Fluoride Action Network

3 chemicals account for most accidents

Axios | Sept 22, 2023 | By Tory Lysik & Tina Reed
Posted on September 22nd, 2023
Location: United States, National

Most of the chemical accidents reported to the EPA over the past 20 years involved one of 3 chemicals, according to Axios’ analysis of records obtained by the Data Liberation Project.

The big picture: Workers have suffered serious injuries from these mishaps.

Ammonia is the most common culprit in chemical accidents at facilities that have filed a risk management plan with the Environmental Protection Agency.

  • Meatpacking and food processing plants often use large quantities of ammonia in their refrigeration systems.
  • But when it escapes, it can be extremely dangerous. CNN recently detailed the severe health problems experienced by workers at Tyson Foods plants who were exposed to ammonium; one worker died.
  • “Ammonia is very corrosive and very reactive with human tissues. If it’s breathed in because it’s in the air, it’s highly damaging and irritating to the lungs. It can cause real damage,” said Ted Schettler, science director at the environmental nonprofit Science and Environmental Health Network.”

Chlorine and chlorine dioxide are the second most common source of chemical accidents. They’re commonly used to disinfect and sanitize water, and to process sewage and industrial waste.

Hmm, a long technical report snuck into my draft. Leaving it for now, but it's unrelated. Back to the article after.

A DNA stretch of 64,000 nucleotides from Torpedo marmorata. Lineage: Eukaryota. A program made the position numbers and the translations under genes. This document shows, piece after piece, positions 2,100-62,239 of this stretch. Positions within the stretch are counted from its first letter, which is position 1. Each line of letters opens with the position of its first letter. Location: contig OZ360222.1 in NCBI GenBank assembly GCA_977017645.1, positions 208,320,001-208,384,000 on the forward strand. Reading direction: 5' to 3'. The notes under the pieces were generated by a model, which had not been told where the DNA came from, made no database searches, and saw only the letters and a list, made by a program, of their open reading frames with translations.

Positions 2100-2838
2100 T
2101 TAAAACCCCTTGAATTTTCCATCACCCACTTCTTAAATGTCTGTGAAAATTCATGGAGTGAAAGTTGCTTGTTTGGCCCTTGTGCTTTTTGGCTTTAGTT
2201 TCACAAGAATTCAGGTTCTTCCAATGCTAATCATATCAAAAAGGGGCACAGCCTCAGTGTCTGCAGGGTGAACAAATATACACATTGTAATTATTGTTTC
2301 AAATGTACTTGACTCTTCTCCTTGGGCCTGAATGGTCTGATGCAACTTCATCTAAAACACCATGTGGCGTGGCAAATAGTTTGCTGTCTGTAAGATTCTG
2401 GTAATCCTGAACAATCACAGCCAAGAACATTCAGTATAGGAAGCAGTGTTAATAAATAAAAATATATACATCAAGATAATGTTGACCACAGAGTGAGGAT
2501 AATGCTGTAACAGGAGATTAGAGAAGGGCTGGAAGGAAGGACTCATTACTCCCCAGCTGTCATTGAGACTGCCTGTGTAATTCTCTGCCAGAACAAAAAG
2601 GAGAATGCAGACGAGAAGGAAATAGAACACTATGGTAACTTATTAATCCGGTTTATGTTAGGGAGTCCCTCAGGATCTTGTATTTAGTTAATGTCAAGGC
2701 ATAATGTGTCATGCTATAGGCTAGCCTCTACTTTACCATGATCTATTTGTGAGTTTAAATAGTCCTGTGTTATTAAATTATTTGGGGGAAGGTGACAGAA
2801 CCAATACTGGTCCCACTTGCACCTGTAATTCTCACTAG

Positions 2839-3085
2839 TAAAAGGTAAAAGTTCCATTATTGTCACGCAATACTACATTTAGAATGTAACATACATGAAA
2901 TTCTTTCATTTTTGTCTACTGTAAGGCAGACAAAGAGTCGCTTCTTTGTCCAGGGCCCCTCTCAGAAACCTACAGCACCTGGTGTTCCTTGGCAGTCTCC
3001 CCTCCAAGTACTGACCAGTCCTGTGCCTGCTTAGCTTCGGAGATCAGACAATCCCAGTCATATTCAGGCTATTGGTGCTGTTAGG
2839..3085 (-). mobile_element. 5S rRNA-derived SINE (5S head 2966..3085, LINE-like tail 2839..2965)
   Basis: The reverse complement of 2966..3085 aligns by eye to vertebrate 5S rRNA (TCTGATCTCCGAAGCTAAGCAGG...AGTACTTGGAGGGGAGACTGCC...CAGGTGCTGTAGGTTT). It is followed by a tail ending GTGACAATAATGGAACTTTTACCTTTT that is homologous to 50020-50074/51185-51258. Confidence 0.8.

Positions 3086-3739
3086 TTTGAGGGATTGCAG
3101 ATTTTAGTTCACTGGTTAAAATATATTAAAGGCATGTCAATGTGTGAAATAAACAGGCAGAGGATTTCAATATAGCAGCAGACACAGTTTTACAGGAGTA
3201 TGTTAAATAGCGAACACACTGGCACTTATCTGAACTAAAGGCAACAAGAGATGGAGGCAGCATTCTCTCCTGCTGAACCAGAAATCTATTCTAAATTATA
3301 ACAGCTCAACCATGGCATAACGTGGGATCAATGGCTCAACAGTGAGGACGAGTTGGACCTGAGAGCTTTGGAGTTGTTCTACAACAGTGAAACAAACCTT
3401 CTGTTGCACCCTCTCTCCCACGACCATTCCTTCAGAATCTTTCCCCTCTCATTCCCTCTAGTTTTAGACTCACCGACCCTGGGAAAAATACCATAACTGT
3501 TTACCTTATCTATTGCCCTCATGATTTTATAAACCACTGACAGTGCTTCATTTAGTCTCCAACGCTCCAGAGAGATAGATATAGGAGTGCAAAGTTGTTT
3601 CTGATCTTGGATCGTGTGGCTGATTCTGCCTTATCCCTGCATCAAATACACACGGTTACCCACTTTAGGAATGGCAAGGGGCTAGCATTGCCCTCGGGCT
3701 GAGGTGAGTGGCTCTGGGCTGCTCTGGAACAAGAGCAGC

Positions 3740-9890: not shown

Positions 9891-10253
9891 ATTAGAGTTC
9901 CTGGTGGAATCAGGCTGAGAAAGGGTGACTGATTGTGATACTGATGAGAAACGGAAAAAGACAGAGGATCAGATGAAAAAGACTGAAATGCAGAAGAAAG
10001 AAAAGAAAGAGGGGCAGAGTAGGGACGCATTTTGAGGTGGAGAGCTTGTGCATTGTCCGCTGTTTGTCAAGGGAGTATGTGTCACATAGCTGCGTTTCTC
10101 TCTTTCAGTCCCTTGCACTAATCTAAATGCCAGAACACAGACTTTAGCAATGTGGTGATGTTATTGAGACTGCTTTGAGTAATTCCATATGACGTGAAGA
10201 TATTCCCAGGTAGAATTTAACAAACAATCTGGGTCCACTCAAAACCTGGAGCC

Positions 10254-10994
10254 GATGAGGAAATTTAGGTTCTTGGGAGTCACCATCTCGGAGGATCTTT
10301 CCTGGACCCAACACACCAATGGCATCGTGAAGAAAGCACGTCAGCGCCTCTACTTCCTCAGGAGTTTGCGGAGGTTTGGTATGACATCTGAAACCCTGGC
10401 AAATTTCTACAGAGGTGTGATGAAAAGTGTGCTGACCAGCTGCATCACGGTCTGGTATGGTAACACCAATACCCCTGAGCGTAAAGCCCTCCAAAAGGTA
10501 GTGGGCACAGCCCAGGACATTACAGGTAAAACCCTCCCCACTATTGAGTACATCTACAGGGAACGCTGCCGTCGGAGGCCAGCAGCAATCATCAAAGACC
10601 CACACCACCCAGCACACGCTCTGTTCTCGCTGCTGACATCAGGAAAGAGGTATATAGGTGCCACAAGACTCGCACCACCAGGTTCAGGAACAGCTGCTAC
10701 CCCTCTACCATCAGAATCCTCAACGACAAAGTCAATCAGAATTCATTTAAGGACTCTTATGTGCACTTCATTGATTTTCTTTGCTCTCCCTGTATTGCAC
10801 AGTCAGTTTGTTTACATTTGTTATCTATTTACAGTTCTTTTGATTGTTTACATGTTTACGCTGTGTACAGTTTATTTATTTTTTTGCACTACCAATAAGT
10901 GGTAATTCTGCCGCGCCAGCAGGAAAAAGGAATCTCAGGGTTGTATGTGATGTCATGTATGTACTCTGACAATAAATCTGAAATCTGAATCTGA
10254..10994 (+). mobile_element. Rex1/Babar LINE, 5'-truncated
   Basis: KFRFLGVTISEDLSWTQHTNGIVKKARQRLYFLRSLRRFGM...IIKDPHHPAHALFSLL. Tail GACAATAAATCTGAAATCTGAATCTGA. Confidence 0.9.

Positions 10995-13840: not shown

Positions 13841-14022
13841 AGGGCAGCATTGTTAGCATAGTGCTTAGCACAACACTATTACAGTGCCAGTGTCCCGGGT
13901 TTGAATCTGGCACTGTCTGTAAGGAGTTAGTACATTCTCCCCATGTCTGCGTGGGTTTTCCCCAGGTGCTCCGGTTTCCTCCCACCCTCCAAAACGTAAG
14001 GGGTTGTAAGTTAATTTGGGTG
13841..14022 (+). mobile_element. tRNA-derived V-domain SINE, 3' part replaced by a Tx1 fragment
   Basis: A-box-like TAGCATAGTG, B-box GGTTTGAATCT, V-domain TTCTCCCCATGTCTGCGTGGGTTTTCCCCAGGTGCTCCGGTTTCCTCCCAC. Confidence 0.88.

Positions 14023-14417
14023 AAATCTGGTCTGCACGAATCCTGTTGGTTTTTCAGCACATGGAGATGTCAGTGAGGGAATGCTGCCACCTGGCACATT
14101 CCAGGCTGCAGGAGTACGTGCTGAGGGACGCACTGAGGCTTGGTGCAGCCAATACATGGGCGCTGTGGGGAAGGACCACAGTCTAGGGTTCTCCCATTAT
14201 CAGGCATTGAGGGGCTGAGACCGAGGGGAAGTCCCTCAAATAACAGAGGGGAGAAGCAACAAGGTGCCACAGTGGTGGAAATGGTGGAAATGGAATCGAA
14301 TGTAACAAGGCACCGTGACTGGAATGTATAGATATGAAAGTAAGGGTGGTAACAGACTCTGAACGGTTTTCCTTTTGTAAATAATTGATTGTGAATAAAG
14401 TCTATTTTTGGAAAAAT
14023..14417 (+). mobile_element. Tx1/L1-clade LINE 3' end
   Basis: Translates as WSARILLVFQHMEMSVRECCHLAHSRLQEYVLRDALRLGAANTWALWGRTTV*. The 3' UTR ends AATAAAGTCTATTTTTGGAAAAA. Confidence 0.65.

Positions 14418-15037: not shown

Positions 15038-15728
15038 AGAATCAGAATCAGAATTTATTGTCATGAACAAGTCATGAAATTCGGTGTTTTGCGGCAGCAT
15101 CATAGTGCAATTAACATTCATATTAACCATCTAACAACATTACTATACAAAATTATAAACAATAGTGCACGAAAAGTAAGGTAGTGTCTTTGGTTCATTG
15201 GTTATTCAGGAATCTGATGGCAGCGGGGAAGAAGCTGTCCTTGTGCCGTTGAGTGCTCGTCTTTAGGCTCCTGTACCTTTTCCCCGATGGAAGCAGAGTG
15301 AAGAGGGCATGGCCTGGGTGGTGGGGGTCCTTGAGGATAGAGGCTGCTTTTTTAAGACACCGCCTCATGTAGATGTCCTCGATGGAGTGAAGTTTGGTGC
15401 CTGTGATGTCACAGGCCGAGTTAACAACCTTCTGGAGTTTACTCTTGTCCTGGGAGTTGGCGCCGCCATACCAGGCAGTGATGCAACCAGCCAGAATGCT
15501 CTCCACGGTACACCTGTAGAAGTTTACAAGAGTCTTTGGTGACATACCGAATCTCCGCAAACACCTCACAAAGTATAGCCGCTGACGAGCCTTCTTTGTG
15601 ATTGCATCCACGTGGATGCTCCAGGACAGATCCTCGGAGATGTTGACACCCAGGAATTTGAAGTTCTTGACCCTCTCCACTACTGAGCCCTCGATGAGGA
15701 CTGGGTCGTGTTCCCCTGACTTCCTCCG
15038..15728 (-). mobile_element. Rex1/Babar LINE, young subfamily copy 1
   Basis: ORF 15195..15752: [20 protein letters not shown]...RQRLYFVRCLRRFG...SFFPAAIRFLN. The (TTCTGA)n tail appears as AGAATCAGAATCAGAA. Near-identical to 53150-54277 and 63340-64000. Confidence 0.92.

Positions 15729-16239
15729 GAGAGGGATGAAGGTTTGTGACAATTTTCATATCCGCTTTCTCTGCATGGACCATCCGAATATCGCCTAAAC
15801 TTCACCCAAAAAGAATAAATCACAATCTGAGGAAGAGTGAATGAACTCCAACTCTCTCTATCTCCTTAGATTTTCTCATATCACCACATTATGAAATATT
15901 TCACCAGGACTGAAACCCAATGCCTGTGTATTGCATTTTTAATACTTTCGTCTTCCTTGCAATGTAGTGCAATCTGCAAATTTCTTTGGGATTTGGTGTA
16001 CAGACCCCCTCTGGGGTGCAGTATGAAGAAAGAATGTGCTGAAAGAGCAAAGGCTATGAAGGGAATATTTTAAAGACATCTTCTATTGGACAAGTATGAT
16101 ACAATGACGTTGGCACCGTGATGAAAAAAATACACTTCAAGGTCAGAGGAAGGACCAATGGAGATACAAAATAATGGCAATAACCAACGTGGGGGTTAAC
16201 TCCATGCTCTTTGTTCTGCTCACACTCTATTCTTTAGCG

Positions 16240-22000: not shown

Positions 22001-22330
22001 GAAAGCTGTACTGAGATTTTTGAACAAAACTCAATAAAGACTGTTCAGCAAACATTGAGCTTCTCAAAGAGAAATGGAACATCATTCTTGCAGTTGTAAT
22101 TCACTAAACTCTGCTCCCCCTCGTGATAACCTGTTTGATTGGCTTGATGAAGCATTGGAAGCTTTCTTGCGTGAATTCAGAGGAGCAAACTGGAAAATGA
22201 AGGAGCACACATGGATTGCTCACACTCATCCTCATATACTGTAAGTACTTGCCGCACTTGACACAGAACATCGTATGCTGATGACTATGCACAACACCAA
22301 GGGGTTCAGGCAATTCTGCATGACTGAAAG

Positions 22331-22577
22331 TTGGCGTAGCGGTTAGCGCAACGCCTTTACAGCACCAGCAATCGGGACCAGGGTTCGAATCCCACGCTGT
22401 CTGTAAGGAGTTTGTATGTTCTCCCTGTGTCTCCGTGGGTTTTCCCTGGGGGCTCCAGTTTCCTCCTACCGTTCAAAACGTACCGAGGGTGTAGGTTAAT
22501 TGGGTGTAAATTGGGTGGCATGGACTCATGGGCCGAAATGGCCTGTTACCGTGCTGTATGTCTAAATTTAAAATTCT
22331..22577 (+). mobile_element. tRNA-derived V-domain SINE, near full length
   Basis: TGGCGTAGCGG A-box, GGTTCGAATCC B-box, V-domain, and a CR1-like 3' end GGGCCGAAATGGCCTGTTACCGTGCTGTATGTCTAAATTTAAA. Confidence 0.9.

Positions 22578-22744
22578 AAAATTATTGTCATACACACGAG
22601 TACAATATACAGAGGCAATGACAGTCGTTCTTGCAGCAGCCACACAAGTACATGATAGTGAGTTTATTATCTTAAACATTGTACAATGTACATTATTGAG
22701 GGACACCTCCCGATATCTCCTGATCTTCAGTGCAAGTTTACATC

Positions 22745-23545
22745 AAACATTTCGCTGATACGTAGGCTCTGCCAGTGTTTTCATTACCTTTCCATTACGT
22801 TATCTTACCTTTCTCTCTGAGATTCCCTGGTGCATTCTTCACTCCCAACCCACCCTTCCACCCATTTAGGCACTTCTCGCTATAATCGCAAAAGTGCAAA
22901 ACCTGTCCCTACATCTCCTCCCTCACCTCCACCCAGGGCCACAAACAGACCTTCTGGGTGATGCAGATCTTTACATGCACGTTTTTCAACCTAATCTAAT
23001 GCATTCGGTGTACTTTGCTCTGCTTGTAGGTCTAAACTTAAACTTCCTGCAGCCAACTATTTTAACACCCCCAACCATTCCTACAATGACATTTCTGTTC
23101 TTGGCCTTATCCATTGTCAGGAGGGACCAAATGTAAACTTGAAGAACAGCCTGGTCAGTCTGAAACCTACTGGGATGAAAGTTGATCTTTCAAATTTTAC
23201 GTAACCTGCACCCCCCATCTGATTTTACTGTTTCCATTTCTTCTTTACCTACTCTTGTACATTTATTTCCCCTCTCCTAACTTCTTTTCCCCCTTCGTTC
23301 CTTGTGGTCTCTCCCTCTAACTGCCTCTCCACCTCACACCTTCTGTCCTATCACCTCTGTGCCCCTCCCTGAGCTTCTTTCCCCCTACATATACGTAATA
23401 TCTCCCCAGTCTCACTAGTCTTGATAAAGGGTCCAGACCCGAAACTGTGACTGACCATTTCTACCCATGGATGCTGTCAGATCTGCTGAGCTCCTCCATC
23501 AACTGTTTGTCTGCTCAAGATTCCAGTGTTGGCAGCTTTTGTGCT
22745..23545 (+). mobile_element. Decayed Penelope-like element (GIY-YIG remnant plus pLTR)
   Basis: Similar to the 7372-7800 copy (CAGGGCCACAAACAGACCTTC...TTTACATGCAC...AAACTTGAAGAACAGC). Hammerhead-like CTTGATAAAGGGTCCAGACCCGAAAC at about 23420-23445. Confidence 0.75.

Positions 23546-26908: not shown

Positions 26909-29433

• Roughly two dozen people were hospitalized after a chlorine gas leak at a facility run by the Olin Corporation near Baton Rouge, Louisiana in 2022.
  • “High exposure breathing can cause lung damage, wheezing, and shortness of breath. Depending on the extent of the exposure, the length of the exposure, it can cause permanent damage that can result in long-term wheezing and asthma-like symptoms,” Schettler said.

Hydrofluoric acid is the third most common source of chemical accidents, according to EPA records. It’s used to make refrigerants, herbicides and pharmaceuticals, and in oil refineries.

  • It can irritate the eyes, nose, and respiratory tract, per the CDC.
  • Skin contact can cause severe damage and breathing in hydrogen fluoride at high levels or in combination with skin contact can cause death from an irregular heartbeat or from fluid buildup in the lungs.

*Original full-text article online at: https://www.axios.com/2023/09/22/chemicals-accidents-epa-ammonia-chlorine